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“Bite-Size Bits of Local, National, and Global History”

Richmond, Virginia — The American South (Mid-Atlantic)
 

"Richmond"

 
 
"Richmond" Marker image. Click for full size.
By Bernard Fisher, February 9, 2009
1. "Richmond" Marker
Inscription.  William Byrd II of Westover, owner of the land around the falls of the James River, wrote in his diary on September 19, 1733:

…we laid the foundations of two large Citys. One at Shacco’s, to be called Richmond and the other at the point of Appamattux River to be named Petersburgh. …Thus we did not build Castles only, but also Citys in the Air.

Byrd, who had lived and been educated in England, chose the name “Richmond” for his new city because the view of the James from this hill reminded him of the curve of the Thames at Richmond west of London.
 
Erected 1990 by Church Hill Association.
 
Topics. This historical marker is listed in these topic lists: Colonial EraSettlements & Settlers.
 
Location. 37° 31.593′ N, 77° 25.044′ W. Marker is in Richmond, Virginia. Marker is at the intersection of Libby Terrace and North 29th Street, on the right when traveling east on Libby Terrace. Touch for map. Marker is in this post office area: Richmond VA 23223, United States of America. Touch for directions.
 
Other nearby markers. At least 8 other markers are within walking distance of this marker. The View That Named The City (a few steps from this
"Richmond" Marker Stone image. Click for full size.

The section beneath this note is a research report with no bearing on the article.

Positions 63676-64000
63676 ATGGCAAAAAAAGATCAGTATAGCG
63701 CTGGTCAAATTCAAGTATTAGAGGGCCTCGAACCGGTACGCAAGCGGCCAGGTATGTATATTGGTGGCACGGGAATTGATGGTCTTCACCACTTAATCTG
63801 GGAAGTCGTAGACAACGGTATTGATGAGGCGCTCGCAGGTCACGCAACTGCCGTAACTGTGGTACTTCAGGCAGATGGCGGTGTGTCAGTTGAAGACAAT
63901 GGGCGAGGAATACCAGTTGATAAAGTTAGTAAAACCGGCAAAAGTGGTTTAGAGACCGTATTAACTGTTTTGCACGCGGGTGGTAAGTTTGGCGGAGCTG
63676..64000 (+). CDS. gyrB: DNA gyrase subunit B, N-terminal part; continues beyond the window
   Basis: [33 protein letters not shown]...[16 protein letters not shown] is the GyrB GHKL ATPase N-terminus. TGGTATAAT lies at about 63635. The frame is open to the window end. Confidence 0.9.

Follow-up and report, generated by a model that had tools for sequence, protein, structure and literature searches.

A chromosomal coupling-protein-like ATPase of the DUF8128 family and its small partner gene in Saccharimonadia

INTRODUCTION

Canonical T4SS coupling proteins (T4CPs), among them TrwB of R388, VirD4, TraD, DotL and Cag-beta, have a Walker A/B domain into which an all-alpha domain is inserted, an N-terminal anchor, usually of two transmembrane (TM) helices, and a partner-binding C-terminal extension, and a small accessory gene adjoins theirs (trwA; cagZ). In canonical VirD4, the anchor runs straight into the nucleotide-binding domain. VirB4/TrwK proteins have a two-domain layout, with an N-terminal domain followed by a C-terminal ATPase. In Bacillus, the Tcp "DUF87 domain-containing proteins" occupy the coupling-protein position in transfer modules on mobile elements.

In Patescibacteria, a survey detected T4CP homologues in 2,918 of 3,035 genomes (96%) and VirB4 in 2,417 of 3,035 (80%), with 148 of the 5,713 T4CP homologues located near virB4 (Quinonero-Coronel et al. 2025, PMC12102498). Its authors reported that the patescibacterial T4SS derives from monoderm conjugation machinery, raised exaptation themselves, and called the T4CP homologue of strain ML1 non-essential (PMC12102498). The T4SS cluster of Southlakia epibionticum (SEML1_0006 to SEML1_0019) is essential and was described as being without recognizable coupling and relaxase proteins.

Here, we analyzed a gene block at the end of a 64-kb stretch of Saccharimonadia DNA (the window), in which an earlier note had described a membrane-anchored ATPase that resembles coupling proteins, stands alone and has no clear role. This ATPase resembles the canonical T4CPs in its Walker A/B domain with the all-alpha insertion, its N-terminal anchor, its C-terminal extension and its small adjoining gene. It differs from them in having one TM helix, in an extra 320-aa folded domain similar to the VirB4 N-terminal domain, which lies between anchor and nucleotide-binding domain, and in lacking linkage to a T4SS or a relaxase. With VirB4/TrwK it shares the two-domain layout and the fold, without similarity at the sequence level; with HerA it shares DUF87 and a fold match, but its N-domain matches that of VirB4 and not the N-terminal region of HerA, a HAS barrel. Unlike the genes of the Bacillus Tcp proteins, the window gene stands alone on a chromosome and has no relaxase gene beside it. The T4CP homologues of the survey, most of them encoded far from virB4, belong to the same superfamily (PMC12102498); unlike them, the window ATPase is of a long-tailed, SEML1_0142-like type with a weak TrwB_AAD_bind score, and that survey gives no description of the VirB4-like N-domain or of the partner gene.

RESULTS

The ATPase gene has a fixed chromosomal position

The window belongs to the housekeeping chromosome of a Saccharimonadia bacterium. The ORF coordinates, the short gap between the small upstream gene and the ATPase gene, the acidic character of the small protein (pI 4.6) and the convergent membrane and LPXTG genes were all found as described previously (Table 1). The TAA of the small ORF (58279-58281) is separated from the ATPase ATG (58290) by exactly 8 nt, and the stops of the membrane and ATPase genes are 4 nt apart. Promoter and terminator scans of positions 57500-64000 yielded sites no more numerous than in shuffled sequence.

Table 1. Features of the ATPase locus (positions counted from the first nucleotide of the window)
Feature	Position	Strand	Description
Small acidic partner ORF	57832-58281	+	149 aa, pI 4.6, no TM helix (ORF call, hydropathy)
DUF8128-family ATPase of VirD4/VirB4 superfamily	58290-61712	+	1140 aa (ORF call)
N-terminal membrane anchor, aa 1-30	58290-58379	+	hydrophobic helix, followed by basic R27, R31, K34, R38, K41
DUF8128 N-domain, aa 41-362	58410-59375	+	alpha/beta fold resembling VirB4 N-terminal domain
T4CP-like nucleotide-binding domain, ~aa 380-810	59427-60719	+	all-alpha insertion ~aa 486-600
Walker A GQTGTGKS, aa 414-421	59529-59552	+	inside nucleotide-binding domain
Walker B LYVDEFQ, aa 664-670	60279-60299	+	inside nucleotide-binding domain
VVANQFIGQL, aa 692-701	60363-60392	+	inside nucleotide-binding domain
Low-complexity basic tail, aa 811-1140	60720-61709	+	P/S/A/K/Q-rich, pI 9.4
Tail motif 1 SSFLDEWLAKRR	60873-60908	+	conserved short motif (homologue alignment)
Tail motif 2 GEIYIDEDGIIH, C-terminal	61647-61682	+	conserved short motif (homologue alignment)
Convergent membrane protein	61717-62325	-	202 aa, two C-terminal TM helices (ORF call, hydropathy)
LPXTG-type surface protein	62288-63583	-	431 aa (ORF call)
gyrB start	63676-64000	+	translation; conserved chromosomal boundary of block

By Bernard Fisher, February 9, 2009
2. "Richmond" Marker Stone
marker); Confederate Soldiers & Sailors Monument (within shouting distance of this marker); Libby House (within shouting distance of this marker); 5 North 29th Street (within shouting distance of this marker); 2916 Libby Terrace / Langstedt House (within shouting distance of this marker); 3013 Libby Terrace (about 300 feet away, measured in a direct line); Bloody Run (about 300 feet away); 2710 E. Franklin Street (about 800 feet away). Touch for a list and map of all markers in Richmond.
 
View of the James River from Libby Hill image. Click for full size.
By Bernard Fisher, February 9, 2009
3. View of the James River from Libby Hill
James River below Libby Hill Park image. Click for full size.
By Bernard Fisher, February 9, 2009
4. James River below Libby Hill Park
 
 
Credits. This page was last revised on July 30, 2020. It was originally submitted on February 15, 2009, by Bernard Fisher of Mechanicsville, Virginia. This page has been viewed 1,340 times since then and 42 times this year. Photos:   1, 2, 3, 4. submitted on February 15, 2009, by Bernard Fisher of Mechanicsville, Virginia. • Kevin W. was the editor who published this page.
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Nov. 23, 2020